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Fluoride battle not over yet

* . VOTERS SPEAK: Despite 'loss at the polls, those in favor of fluoride, will continue the fight.

SANTA CRUZ voters have spoken: they don't want the city to add fluoride to their water.

The vote is a disappointment to those of us who believe that fluoridated water is good public health policy, and that those least able to afford dental problems will pay most

Proponents of fluoridated water haven't lost the war yet. A significant question remains about whether the city can legally block fluoridation. The state has ordered larger water agencies throughout California to add the substance to the,water supply as a way to help protect children from cavities.

Opponents of fluoride are suspicious of the government's adding something to the water supply that they see as potentially harmful. They cite a number of studies that they say demonstrate health risks as a result of fluoridation.

We don't buy their argument. We choose to believe the volume of evidence that demonstrates the safety of fluoride--and the payoff that the added fluoride will protect the teeth of those not receiving it at the dentist's office.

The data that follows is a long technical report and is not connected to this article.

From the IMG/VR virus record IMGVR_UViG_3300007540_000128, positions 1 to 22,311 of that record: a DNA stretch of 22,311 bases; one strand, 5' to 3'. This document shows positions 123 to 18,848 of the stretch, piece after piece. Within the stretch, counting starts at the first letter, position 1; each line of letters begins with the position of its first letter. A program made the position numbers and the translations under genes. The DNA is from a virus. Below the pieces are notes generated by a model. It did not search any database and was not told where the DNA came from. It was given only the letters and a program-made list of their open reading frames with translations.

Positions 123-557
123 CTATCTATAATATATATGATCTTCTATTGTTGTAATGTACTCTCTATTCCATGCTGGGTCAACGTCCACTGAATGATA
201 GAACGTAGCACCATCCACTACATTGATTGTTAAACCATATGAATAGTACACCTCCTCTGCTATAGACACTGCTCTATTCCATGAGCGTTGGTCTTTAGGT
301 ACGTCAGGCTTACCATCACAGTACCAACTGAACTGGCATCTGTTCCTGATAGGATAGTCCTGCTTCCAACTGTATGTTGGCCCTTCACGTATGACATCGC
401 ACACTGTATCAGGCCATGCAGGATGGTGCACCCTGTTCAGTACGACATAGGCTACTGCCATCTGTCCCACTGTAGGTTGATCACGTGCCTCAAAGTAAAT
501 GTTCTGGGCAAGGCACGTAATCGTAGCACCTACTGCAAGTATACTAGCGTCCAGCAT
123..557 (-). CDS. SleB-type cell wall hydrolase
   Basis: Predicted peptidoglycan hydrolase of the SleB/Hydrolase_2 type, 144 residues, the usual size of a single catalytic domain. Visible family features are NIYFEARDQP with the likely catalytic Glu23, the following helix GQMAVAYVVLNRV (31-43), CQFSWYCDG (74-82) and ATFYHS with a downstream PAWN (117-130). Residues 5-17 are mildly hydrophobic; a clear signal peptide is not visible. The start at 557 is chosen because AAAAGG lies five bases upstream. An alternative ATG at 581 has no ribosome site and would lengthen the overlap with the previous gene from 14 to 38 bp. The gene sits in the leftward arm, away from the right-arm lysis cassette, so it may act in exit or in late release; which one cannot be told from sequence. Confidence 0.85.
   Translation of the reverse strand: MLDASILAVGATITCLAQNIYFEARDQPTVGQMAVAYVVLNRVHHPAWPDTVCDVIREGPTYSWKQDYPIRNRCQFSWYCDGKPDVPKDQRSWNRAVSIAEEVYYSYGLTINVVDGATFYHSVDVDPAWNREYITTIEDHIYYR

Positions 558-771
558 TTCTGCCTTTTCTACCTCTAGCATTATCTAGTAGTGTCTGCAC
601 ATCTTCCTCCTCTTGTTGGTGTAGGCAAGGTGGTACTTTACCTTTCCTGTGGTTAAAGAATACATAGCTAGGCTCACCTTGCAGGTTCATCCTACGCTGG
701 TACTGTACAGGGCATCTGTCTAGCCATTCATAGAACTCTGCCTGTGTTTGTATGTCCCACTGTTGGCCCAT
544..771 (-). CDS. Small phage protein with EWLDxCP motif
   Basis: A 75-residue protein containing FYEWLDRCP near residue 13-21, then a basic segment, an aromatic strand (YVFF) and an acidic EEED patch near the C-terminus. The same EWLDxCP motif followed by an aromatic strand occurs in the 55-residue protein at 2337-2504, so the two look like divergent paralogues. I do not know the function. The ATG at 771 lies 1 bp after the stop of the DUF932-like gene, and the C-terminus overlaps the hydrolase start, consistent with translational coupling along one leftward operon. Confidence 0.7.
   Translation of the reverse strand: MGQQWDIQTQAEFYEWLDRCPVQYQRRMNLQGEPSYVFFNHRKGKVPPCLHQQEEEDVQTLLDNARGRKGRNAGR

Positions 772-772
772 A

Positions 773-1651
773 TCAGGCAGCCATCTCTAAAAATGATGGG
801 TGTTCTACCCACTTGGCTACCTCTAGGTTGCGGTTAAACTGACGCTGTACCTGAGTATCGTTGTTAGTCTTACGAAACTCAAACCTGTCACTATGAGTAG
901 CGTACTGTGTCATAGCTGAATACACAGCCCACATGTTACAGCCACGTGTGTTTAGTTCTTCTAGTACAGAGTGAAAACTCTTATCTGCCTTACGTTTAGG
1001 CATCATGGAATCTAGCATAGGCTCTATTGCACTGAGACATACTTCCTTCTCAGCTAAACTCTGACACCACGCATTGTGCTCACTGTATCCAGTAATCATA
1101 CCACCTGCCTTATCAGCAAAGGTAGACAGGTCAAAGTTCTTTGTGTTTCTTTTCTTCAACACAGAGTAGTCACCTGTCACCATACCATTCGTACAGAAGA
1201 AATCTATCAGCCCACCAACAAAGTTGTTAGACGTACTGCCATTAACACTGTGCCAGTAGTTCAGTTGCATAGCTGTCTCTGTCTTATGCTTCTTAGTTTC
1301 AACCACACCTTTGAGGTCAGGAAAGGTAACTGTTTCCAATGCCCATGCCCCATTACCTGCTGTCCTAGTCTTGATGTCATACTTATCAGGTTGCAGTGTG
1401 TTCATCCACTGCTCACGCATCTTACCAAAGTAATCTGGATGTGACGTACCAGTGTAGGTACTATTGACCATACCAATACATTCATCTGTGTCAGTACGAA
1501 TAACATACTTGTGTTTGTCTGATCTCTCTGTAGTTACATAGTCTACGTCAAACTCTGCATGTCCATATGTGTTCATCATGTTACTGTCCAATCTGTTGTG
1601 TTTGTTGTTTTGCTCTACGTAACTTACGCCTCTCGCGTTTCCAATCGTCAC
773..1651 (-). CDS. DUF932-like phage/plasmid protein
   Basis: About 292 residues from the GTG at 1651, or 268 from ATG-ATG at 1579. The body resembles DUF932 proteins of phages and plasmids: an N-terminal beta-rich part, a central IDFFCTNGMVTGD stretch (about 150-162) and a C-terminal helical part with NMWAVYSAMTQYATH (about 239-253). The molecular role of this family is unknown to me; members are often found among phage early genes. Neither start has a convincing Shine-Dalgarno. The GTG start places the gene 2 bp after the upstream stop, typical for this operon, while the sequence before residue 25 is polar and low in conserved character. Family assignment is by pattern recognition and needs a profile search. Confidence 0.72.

Fluoride in the water supply helps those unlikely to visit the dentist: the poorest people in the community. By not giving them fluoride, society is denying them access to the best possible dental health.

We understand to some extent the reluctance of fluoridation. There's something creepy about allowing the government to introduce substances into our drinking water. But upon further reflection, we remember that we already trust them to put in the right amount of disinfectants like chlorine; if we can trust them that far, we can trust them with fluo ride.

The issue isn't over yet. The fight against fluoridation started with a 6-1 vote by the City Council to ban fluoride, and then got carried over into a popular vote to place the ban into the city charter. We were disappointed that less than 25 percent of the voting public showed up at the polls, but that's what you get in an off-year election.

The next stage of the battle could involve the courts. The state will follow up on its order to fluoridate, and if Santa Cruz refuses, the state could sue.

WE GIVE the fluoridation opponents credit for mounting an effective battle. They won the election fair and square, but we don't think the matter should just end here.

Good public health policies re quire that other voices in the community continue to be heard on be half of those that fluoride would help. Many of those who oppose fluoride in the water are ensuring that their children are protected from tooth decay. We would wish for the same level of protection for others, even those unable to pay for adequate dental care.